First Lady Jane Beshear's Communications Office
Gov. Beshear, First Lady attend Horses and Hope Race Day at Churchill Downs
LOUISVILLE, Ky. – Gov. Steve Beshear and First Lady Jane Beshear today attended Churchill Downs’ Breast Cancer Race Day for the third consecutive fall in Louisville, Ky. Race-goers were encouraged to wear pink articles of clothing to raise breast cancer awareness as part of the Horses and Hope program created by Mrs. Beshear and the Kentucky Cancer Program.
“It is a testament to the extensive support of breast cancer awareness that tickets for today’s Horses and Hope activities have sold out,” said Mrs. Beshear. “With every Horses and Hope event that takes place, more Kentuckians gain an understanding of this pervasive disease and the importance of undergoing screenings. I appreciate Churchill Downs’ continued dedication to promoting awareness and backing this initiative.”
The race day featured a luncheon buffet on Millionaries Row for breast cancer survivors, with Horses and Hope programming beginning at 1 p.m. A parade of pink horses in the paddock preceded the sixth race, which was named after Horses and Hope. Following the race, former jockey P.J. Cooksey, a breast cancer survivor, led other survivors to the paddock for a photo with the First Lady.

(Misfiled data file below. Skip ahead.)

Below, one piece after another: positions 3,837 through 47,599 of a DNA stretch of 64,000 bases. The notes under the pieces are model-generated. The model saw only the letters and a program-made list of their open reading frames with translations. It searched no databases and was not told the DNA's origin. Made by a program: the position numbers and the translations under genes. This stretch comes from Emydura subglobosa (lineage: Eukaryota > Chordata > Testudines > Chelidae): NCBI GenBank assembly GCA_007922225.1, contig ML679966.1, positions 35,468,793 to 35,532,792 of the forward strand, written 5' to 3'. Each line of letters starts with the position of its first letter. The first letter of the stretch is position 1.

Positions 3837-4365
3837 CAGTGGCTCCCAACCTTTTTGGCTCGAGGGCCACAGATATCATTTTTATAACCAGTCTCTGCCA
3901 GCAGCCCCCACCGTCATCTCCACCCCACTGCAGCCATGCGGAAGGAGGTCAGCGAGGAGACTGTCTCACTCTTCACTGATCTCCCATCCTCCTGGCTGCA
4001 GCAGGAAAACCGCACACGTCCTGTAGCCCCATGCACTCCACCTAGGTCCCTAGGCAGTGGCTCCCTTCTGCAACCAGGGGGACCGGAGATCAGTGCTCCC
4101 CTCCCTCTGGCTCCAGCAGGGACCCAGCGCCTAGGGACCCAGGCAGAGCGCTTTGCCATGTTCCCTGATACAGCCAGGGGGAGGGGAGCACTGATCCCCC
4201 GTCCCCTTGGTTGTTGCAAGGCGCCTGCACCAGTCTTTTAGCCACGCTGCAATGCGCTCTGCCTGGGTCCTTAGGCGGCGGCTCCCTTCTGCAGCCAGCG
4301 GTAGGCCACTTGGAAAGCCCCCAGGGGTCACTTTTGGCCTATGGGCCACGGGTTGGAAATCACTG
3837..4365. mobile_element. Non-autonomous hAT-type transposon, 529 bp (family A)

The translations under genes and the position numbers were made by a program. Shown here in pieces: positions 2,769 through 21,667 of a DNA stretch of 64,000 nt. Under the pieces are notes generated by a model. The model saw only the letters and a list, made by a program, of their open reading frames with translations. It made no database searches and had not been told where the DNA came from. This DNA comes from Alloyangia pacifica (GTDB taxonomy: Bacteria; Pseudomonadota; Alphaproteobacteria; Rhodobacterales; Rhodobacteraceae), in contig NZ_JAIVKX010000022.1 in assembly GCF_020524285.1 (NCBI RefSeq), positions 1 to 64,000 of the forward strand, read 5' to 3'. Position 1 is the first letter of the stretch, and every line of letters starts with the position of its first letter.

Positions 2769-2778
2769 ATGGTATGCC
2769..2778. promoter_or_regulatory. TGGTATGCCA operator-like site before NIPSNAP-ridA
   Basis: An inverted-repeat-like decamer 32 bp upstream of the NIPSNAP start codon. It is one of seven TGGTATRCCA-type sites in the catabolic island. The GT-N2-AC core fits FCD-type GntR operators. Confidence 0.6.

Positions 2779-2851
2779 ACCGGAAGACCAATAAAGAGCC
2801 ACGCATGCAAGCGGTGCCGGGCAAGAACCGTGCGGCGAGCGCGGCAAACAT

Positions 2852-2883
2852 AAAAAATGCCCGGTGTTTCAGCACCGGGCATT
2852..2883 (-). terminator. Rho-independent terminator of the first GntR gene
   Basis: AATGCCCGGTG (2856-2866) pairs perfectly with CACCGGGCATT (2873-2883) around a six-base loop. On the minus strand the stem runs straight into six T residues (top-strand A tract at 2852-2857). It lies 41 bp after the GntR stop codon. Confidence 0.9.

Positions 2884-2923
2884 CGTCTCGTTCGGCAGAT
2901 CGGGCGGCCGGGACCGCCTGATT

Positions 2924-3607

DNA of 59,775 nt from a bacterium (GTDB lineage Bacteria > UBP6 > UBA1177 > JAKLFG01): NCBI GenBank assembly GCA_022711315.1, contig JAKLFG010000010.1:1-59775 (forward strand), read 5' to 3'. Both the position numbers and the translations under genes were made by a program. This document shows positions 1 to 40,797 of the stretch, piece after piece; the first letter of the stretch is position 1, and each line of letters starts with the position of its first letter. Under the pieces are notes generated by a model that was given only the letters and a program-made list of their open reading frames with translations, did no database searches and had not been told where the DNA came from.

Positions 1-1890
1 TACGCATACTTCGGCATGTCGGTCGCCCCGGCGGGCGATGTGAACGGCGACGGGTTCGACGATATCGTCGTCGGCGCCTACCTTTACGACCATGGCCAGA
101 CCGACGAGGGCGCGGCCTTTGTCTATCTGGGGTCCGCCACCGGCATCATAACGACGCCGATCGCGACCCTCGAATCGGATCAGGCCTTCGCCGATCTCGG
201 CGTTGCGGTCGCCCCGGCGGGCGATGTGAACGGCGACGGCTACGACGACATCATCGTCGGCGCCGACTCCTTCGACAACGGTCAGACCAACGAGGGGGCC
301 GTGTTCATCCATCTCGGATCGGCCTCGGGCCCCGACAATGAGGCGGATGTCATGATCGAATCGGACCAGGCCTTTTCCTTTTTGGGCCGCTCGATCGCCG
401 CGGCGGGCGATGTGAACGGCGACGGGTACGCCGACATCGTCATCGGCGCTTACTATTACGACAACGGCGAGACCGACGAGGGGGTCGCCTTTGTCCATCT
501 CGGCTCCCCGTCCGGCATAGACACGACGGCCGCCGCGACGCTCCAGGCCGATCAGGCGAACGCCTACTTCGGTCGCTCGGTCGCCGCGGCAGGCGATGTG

New to this year’s event was an appearance by Otto Thorwarth, the Arkansas jockey and actor who portrayed Triple-Crown winning jockey Ron Turcotte in the film Secretariat. In addition, Nashville singer-songwriter Templeton Thompson presented a musical tribute from her CD, Girls and Horses.
Horses and Hope works with the state’s equine industry to provide breast cancer education, screening and treatment referral. The organization also hosts special events in collaboration with equestrian organizations to honor breast cancer survivors and to share information.
Since the program was founded in 2008, Horses and Hope has hosted Breast Cancer Race Days at major racetracks across the state, including Ellis Park, Turfway Park and Keeneland. Horses and Hope has educated more than 283,000 race track and horse show fans and more than 6,000 equine employees. The program has screened 356 workers and detected breast cancer in two individuals, both of whom have received treatment.
According to the Kentucky Cancer Registry, breast cancer is the second leading cause of cancer deaths among women in the Commonwealth. The American Cancer Society predicts that 3,200 Kentuckians will be diagnosed with the disease in 2010.
For more information about Horses and Hope, visit http://www.horsesandhope.org.